November 19, 2010
“When it comes to student learning, what institutions do matters more than what they are.” That’s the header on a section of an article in today’s Inside Higher Education.
The reference is to a study by Patrick T. Terenzini and Hyun Kyoung Ro, from Pennsylvania State University’s College of Education.
The Inside Higher Education summary of the research is worth quoting at length: “The
study examined a wide range of often-used descriptors of colleges — large/small, public/private, selective/open admissions, etc. — and a set of practices used by institutions, and sought to determine which correlated more closely to the success of a large group of engineering students.
“The researchers found that internal institutional practices — the use of student-centered teaching approaches, the extent of students’ involvement in non-engineering clubs, and the like — were far more likely than the type of institution to determine the level of student outcomes. Or, as Terenzini put it, “what institutions do is more important than who or what they are.”
“That finding should make college leaders realize that they have more sway over student outcomes than they often tend to think, the study suggests. But it also has implications, the researchers suggest, for policy makers, who often overemphasize the importance of certain institutional characteristics, like those emphasized in college rankings.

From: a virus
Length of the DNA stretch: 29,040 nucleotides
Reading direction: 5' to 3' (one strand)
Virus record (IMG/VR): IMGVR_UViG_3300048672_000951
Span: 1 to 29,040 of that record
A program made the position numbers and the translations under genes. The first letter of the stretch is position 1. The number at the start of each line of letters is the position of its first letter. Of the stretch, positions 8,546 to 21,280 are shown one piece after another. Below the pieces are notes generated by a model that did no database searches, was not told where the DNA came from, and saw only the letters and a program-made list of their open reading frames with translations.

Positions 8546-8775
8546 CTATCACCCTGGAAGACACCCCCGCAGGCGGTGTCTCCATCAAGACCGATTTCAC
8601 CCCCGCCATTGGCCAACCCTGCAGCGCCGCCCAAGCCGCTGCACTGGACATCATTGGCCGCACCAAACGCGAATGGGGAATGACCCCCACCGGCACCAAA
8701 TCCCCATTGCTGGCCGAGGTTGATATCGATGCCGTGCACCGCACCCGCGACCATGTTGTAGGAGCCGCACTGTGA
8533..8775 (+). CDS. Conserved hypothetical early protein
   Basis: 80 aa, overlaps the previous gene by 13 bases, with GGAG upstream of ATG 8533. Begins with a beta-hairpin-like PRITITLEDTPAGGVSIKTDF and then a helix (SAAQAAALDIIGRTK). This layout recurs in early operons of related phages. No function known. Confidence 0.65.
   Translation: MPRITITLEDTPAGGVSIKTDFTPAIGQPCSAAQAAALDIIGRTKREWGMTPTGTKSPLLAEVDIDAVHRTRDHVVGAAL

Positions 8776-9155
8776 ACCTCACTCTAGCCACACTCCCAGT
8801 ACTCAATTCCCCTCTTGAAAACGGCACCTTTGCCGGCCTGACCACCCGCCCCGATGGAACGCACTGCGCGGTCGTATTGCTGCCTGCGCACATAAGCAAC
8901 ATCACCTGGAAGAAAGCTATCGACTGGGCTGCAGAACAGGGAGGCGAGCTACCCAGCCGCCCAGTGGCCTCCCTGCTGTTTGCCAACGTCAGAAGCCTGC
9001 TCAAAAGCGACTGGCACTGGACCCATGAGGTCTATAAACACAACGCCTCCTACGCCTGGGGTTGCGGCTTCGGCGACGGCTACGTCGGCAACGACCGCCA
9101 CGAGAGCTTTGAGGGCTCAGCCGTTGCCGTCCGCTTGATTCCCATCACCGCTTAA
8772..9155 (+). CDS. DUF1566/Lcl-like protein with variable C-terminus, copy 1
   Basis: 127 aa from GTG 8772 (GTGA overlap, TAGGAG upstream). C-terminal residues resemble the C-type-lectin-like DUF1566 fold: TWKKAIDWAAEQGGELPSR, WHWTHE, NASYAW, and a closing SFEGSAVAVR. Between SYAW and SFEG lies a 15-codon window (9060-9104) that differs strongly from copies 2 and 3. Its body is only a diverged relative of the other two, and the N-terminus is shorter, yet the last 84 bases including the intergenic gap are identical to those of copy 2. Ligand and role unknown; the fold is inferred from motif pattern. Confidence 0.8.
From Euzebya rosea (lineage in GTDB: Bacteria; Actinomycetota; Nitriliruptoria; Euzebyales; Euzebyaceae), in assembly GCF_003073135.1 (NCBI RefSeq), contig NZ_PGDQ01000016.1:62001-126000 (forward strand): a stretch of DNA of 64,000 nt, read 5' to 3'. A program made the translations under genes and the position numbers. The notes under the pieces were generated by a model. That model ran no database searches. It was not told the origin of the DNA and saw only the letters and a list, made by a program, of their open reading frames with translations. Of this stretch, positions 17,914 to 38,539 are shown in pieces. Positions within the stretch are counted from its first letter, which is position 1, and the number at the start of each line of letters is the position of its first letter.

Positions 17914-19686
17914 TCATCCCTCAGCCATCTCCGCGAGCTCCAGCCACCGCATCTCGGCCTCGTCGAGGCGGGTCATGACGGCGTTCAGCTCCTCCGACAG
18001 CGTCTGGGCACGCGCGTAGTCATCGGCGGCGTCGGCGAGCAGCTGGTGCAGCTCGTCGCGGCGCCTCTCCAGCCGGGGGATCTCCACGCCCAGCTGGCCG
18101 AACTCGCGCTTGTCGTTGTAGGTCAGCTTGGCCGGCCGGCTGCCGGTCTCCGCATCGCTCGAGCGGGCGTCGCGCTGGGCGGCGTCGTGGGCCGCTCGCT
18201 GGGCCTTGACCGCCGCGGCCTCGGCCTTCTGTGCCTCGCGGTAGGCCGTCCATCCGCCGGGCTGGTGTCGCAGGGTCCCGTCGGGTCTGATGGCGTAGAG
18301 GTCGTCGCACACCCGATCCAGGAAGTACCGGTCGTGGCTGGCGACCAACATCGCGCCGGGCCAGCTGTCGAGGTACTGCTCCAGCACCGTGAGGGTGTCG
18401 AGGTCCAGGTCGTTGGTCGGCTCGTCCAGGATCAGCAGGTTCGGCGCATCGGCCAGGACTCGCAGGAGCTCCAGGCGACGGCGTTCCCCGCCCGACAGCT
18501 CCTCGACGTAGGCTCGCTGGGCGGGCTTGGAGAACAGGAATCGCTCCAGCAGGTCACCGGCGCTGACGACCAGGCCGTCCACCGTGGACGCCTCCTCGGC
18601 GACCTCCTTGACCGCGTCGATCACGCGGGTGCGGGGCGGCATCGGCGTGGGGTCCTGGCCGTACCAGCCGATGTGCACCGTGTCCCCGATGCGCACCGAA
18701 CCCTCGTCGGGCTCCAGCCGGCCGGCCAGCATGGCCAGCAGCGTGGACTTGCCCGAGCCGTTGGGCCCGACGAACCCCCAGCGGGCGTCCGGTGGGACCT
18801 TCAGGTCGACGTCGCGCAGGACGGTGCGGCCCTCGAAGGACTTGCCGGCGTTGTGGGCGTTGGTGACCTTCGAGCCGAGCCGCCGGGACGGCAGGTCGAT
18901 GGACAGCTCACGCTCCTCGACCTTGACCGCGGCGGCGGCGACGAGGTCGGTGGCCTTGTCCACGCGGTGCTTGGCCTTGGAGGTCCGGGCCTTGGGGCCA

“”[T]he findings fairly clearly point to the predictive impotence of some of the most widely used indicators of ‘institutional quality’ (e.g., selectivity and mission),” the authors write. “This study suggests that what colleges and universities ‘are’ (in terms of their conventional characteristics) is less useful than what they ‘do’ internally (e.g., how they organize themselves and operate structurally and programmatically) in identifying educationally effective institutions and student experiences…. [E]ducationally effective practices reviewed … are as likely (perhaps more likely) to be in use at less prestigious campuses as at their ‘elite’ counterparts. Thus, the common budget-allocation practices used in most state legislatures that privilege flagship campuses may have disadvantageous consequences for the undergraduates (and their parents) who attend other campuses in a state’s system. Moreover, administrators’ and public policy makers’ searches for specific ‘best practices’ may be short-sighted. The decisions they make — and the resources they allocate — may benefit from more refined and systemic views of the colleges and universities for which these leaders are responsible.””